Juan Arango, Managing Director,  Koh Young America: US government policy should promote US manufacturing investing because it is key to our economy, today and in the future. It needs to invest in training for skilled employees with specific incentives designed to generate interest among the next generation of employees in the manufacturing industry.

It should also encourage ‘Made in the USA’ with tax incentives and benefits designed to help the [manufacturing] company, as well as the employees. It should find ways to make US manufacturing more competitive to reduce our dependence on foreign countries where low-cost manufacturing lures away domestic manufacturing. Tariffs, although not popular by many can level the playing field. It was reassuring to see the Corporate Tax reduction, because it was hindering domestic company investments here in the United States.

A starting place could be funding manufacturing educational investments in schools. It is never too early to invest in our future. If the next generation of employees possesses advanced technological skill, it will promote higher-level thinking, and in turn innovation that will help the entire segment.

Chintan Sutaria, CEO, CalcuQuote: We should focus on advancing and diversifying our manufacturing capabilities, which would be conducive with a services-based economy like the US, where the standard of living and cost of labor are higher.

One way to do this is to invest in automation technologies. Automation can improve the competitiveness of electronics manufacturing in America, and become a growing industry of its own as we eventually deploy automation technology across the globe.

Secondly, rather than focusing on growing our common manufacturing base, we should invest in our capabilities to manufacture cutting-edge technology and goods. Microelectronics, flexible circuitry and energy storage are all growth areas in the future. As a matter of policy, there are tax incentives for Research & Development investment already available, but there should also be an investment in upgrading the workforce with training on new technology.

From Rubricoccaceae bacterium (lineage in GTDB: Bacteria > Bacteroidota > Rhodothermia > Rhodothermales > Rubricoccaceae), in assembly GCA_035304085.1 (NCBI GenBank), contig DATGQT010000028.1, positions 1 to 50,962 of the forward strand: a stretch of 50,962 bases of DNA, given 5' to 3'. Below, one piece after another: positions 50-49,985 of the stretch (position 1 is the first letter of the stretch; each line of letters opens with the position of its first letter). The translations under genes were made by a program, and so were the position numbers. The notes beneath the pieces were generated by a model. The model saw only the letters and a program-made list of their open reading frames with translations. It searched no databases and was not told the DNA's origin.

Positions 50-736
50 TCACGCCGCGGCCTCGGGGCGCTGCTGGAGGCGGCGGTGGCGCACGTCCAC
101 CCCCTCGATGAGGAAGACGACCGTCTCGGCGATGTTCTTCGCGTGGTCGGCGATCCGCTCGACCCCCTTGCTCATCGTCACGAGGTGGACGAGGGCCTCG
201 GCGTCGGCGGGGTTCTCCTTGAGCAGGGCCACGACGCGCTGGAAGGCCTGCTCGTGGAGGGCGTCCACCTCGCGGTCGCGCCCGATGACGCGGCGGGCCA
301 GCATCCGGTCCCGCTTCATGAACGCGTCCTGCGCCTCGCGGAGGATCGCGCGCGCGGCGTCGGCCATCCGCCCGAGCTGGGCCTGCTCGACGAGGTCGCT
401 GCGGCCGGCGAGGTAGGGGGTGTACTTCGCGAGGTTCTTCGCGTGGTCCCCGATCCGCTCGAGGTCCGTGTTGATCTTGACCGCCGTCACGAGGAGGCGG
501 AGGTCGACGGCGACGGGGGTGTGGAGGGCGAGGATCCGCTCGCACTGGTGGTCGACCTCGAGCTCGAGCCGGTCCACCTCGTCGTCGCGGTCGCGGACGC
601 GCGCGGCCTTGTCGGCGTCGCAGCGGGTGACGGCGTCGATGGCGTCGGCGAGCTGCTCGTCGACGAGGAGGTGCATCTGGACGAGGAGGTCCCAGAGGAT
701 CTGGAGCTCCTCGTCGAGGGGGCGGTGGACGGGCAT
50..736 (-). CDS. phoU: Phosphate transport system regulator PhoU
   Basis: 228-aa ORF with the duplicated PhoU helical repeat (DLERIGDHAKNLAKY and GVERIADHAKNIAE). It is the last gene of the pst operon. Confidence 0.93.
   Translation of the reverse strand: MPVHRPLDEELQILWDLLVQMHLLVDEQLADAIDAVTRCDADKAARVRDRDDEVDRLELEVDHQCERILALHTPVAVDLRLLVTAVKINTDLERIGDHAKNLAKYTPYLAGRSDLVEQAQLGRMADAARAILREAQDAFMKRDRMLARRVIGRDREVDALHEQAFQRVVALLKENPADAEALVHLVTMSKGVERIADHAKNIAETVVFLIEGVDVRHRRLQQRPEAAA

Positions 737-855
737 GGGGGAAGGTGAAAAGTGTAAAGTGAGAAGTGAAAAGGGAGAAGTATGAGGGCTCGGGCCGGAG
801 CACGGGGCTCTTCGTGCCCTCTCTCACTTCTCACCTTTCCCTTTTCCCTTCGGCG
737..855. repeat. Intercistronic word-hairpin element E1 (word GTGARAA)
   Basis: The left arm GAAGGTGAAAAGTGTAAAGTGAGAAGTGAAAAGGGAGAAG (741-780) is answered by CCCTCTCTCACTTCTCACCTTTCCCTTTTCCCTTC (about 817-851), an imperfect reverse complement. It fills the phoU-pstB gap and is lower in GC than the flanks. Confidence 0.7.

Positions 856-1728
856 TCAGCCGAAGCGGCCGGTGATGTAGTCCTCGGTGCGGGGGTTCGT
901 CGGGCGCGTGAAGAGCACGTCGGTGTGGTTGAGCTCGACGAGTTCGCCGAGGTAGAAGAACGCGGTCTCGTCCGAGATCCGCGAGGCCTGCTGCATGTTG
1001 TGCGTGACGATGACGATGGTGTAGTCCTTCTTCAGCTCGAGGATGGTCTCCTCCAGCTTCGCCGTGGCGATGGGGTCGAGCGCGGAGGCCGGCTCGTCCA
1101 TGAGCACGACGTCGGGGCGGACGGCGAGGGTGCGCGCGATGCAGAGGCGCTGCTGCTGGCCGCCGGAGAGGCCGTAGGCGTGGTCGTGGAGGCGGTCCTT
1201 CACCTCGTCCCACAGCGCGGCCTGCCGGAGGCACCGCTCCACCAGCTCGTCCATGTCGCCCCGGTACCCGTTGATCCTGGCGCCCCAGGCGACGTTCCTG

Mattias Andersson, Founder & CEO, MTEK: Without wanting to comment on the politics of the US election, I think the challenges they are facing are similar elsewhere in the world. Higher labor cost economies will have to compete with China and other low cost locations as the world seeks to reorganize supply chains to create more agility and resilience.

We think the smart policy is smart manufacturing. We’ve been working for sometime to simplify smart manufacturing by unleashing the value in manufacturing data that currently exists in numerous silos. Regardless of location or political persuasion, investment and incentives need to focus on creating the most digitally transformed and enabled industry, embracing automation, AI and all the ingredient technologies that go to make a manufacturing sector that is competitive and fit for the future.

Tariffs and trade wars create uncertainty and instability. Investment in innovation and digital transformation will create a manufacturing sector that is predictable, adaptable and resilient to any disruption that might occur in the future. The US has the largest consumer market and is a global center for innovation, those are the assets to leverage. Those are the assets that will deliver skilled sustainable manufacturing jobs now and in the future.

Rainer Koppitz, CEO, KATEK: Both presidential candidates are rightly focused on boosting the US economy after the pandemic to reduce the long lasting impacts on jobs and the stock market. The result is a big infusion of money into the economy. The trade war with China also seems set to continue regardless of which candidate is successful, even though their diplomatic approaches may differ. This is likely to weaken the trade partnerships the US has with China and strengthen those with other countries in the Americas as well as with Europe. Concerns come when this style of confrontation exists with more nations and the actions become unpredictable. This unpredictability is bad news for manufacturing as a whole, we want stability in the market and in trade relations.

In summary, we want a partnership based approach that sees the US being collaborative and takes some of the risk out of investment plans for our industry.